"No bailamos ayer, pero disfrutamos mucho."
Translation:We didn't dance yesterday, but we enjoyed ourselves a lot.
"We didn't dance yesterday, but enjoyed ourselves a lot" should also be accepted. Reported June 2018. It's not necessary to repeat the subject twice in English.
This isn't technically correct English since "enjoyed ourselves a lot" isn't a complete sentence on its own. I think I'd work if you left out the comma though.
Shouldn't 'enjoyed ourselves' be reflexive? I understand it could be drawn from context - but i hate breaking rules
That's what I was thinking, "Pero nos disfrutamos mucho," would be it. "We enjoyed a lot," seemed awkward.
Ah, Cueman below had it. From spanishdict, this
disfrutar intransitive verb 1. (sentir placer) a. to enjoy oneself disfruté mucho con el concierto I enjoyed the concert a lot
disfrutar de lo lindo to enjoy oneself very much, to have a great time
disfruto escuchándoles reír I enjoy hearing them laugh
espero que disfruten del espectáculoI hope you enjoy the show
That's good to know. I think this is the first time I've heard that. I didn't know what to put, so I put "it" instead of ourselves.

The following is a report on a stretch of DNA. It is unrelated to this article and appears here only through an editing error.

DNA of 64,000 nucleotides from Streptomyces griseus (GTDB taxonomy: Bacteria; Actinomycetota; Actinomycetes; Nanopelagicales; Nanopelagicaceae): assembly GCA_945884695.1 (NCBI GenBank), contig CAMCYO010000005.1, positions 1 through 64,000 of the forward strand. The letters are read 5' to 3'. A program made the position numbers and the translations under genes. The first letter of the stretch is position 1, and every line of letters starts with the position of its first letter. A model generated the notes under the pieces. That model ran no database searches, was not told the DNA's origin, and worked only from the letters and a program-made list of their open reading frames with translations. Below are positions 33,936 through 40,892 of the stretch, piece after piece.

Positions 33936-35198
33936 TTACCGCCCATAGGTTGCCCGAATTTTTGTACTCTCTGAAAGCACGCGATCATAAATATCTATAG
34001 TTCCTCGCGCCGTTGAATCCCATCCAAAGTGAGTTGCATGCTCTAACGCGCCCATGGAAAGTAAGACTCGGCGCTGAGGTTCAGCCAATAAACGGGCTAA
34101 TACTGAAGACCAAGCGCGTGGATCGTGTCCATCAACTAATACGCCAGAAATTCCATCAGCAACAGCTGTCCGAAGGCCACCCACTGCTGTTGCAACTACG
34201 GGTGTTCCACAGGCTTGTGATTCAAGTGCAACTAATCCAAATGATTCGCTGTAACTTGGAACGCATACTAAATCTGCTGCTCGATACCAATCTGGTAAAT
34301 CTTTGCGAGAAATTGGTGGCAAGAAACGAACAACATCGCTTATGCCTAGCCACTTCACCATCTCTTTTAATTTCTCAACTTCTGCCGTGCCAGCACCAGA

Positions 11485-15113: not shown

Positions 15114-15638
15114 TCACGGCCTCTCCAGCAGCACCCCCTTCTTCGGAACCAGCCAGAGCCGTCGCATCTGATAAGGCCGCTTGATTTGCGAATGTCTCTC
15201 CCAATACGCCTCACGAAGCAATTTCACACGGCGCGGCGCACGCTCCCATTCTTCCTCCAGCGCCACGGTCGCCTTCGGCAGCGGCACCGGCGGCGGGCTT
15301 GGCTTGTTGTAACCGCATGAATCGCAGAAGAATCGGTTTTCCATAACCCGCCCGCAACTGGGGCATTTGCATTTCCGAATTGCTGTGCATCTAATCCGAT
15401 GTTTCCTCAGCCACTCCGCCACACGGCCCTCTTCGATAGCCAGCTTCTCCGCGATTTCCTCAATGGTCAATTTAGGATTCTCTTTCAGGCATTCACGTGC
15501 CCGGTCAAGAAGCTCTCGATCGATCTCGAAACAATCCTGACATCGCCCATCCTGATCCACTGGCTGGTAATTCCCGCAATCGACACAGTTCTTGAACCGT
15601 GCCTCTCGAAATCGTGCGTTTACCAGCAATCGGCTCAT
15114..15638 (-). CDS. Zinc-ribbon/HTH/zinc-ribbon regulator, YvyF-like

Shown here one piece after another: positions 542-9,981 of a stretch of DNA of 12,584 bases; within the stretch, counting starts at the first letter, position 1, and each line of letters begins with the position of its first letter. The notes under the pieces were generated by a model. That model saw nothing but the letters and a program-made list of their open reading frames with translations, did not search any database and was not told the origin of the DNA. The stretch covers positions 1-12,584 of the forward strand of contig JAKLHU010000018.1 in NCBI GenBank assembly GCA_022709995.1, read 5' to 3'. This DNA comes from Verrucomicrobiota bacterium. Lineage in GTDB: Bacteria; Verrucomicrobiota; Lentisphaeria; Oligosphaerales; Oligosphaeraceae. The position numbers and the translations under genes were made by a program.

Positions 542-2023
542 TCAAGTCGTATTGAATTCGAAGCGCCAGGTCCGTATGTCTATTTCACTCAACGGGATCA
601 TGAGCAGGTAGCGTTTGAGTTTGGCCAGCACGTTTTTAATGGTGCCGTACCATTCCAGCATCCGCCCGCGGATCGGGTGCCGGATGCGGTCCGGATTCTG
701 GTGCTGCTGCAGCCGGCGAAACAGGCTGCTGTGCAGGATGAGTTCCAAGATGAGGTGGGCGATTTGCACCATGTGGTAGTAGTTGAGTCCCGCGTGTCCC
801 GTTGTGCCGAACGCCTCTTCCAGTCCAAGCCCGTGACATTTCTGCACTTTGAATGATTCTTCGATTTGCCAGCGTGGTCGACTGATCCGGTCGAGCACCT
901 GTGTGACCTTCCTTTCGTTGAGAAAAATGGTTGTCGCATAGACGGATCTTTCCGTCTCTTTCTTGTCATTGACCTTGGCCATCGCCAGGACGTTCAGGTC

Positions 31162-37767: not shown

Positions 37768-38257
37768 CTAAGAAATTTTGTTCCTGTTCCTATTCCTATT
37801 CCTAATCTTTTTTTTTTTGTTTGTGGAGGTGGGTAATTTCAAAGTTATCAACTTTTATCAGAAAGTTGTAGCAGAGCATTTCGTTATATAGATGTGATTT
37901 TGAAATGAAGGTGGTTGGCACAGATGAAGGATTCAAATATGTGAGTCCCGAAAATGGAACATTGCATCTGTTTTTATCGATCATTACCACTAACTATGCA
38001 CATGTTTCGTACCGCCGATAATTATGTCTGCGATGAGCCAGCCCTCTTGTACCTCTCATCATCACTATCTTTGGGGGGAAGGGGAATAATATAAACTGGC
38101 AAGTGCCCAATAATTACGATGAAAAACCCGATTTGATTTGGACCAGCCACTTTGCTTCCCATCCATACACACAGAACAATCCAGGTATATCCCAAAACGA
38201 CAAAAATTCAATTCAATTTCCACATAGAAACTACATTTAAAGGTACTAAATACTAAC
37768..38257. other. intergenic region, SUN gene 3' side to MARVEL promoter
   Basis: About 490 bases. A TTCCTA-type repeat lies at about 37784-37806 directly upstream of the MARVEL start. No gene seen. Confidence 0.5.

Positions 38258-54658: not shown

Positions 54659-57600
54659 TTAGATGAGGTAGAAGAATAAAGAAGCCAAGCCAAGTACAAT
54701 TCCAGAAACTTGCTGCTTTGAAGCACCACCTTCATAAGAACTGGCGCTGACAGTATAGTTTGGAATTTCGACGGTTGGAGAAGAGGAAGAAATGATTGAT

Disfrutar can be transitive or intransitive, when it is intransitive it is translated as to enjoy oneself.
I don't remember the rule but my grade 6 teacher would ALWAYS mark it wrong If the part of the sentence after the BUT was a fragment. She would preach this each time someone got it wrong on a paper or an exam.
"Just because that's how you soeak doesn't mean it's proper grammar and until you're Stephen King you won't get away with it in school
I had fun bit left early WRONG I had fun bit I left early. RIGHT
Something about "Just because someone did something... the BUT is there tontwll you that someone else could have done something else. Hope that helps
I agree with swim_bub. I would think it would be nos disfrutamos. Is this simply a Spanish idiom?